Over the past few weeks, the College has been plagued by several incidents of vandalism on campus. Since it began Oct. 16, 10 College buildings and landmarks have been defaced with spray-paint. The estimated cost of repairing the damage is $2,500.
Trinity Church, the River Center, the ARC, the Alumni Lodge, the Bell Tower, Calvert Hall, Kent Hall, Schaefer Hall, Prince George’s Hall and the bridge over St. John’s Pond have each been spray painted with various symbols and obscenities. According to Public Safety Sergeant Tony Brooks, the separate acts of vandalism seem to be caused by the same person or group of people. Symbols, lettering and paint color are consistent from incident to incident.
The community garden behind Daugherty Palmer Commons was also vandalized. According to Brooks, plants were pulled up and stakes were thrown over. However, because there was not spray paint, he does not believe the incident is related. “They would have left their mark,” he said.
Provost and Acting President Larry Vote, along with Faculty Senate President Bob Paul and SGA President Justin Perry, sent a letter to students regarding the vandalism. In the letter, they expressed concern for both the monetary and social costs of the damage. They equated the cost of damage to “the funding of twelve St. Mary’s Projects, eleven windows being replaced in residence halls, or two comedians sponsored by Programs Board.”
Many students are taking a stance against the defacement of College property. “For us to now have to spend such a large amount of money on vandalism that is in direct opposition to our College’s values is sad and extremely disrespectful to those who have made had to make sacrifices for the College. This money could have been far better spent on furthering our College’s mission,” said Danielle Doubt, one of the SGA Senators to sponsor a resolution regarding campus vandalism.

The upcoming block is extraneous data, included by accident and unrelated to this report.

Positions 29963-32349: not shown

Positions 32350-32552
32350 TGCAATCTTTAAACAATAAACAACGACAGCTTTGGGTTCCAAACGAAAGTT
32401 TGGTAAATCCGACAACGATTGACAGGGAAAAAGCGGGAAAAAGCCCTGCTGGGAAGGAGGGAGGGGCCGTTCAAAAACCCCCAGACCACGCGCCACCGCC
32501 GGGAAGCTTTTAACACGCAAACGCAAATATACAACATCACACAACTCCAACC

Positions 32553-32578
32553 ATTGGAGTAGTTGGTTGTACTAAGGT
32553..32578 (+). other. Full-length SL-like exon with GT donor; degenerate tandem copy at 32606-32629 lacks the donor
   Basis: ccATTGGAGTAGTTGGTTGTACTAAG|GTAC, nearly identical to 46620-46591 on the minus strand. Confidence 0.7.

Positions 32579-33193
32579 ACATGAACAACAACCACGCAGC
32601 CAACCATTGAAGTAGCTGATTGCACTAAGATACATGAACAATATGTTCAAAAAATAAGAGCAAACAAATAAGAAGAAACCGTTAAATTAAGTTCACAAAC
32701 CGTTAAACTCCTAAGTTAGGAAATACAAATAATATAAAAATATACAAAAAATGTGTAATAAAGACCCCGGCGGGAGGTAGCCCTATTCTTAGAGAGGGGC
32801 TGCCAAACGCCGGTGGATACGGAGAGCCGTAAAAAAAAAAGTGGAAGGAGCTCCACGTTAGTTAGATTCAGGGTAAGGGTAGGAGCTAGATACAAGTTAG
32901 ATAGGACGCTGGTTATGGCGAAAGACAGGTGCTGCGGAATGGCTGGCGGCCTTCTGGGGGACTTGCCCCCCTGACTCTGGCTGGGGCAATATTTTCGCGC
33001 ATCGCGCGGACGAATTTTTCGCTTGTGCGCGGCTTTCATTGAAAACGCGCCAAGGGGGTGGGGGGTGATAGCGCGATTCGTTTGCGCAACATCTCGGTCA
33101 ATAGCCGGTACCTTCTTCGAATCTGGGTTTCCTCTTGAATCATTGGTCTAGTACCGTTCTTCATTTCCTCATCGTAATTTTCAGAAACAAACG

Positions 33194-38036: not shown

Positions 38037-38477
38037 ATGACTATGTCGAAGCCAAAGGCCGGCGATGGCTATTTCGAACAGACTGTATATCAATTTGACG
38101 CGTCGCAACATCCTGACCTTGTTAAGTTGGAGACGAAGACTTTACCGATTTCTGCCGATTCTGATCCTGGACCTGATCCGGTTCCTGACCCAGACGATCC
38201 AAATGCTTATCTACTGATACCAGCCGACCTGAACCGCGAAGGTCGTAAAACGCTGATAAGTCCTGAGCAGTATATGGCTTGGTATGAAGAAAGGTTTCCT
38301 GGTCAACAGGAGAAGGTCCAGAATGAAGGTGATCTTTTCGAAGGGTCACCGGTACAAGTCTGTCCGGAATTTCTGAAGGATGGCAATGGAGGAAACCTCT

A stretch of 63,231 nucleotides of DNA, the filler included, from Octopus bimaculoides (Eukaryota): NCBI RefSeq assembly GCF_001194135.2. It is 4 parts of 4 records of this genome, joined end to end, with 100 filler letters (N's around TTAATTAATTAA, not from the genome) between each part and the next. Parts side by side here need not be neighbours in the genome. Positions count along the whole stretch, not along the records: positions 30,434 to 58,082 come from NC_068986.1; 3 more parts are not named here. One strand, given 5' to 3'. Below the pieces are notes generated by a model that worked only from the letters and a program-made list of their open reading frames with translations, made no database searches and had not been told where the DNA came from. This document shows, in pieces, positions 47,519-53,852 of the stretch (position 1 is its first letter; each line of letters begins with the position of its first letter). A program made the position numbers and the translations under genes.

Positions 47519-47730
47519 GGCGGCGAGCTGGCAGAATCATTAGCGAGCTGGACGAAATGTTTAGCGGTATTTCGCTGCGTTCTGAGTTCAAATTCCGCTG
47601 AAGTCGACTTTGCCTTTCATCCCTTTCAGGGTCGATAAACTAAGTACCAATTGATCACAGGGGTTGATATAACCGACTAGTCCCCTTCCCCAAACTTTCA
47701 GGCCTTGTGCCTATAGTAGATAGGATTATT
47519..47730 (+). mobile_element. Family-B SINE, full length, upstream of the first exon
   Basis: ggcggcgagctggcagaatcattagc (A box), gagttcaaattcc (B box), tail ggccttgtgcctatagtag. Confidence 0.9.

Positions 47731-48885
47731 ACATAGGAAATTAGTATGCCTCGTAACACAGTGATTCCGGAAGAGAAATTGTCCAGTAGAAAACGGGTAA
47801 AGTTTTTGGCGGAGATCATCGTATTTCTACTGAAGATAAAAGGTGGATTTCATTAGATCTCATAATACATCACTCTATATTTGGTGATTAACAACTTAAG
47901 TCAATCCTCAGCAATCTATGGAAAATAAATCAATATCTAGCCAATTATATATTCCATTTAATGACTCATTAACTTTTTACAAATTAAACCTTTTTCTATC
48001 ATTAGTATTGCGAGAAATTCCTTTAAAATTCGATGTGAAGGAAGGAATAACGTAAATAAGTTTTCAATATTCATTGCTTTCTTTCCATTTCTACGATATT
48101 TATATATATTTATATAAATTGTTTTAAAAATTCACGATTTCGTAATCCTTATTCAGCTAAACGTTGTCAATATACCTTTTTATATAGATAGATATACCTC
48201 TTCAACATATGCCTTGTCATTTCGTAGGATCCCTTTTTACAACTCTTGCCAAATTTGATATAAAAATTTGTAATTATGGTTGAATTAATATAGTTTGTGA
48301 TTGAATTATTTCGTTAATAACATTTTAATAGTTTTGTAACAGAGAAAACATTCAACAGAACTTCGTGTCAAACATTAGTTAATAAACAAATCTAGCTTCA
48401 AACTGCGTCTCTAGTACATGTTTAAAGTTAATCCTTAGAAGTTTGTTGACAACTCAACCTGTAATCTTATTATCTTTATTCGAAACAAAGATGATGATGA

On Oct. 27, the SGA passed a resolution to not condone acts of vandalism on campus and to thank the Physical Plant for their extra time, energy, and resources in responding to the vandalism. “I think it is important for SGA to reach into the vandalism issue because there was an overwhelming feeling from SGA that this isn’t what St. Mary’s is about,” said Perry.
According to Brooks, Public Safety received a tip last week that could be helpful in finding those responsible. He urges students who have information to come forth anonymously.
Over the past twenty years on campus, Brooks explained that the only incident comparable to the vandalism occurring on campus were pots for cigarette butts being thrown over across campus. “I’ve never seen anything like this though. This takes the cake,” he said.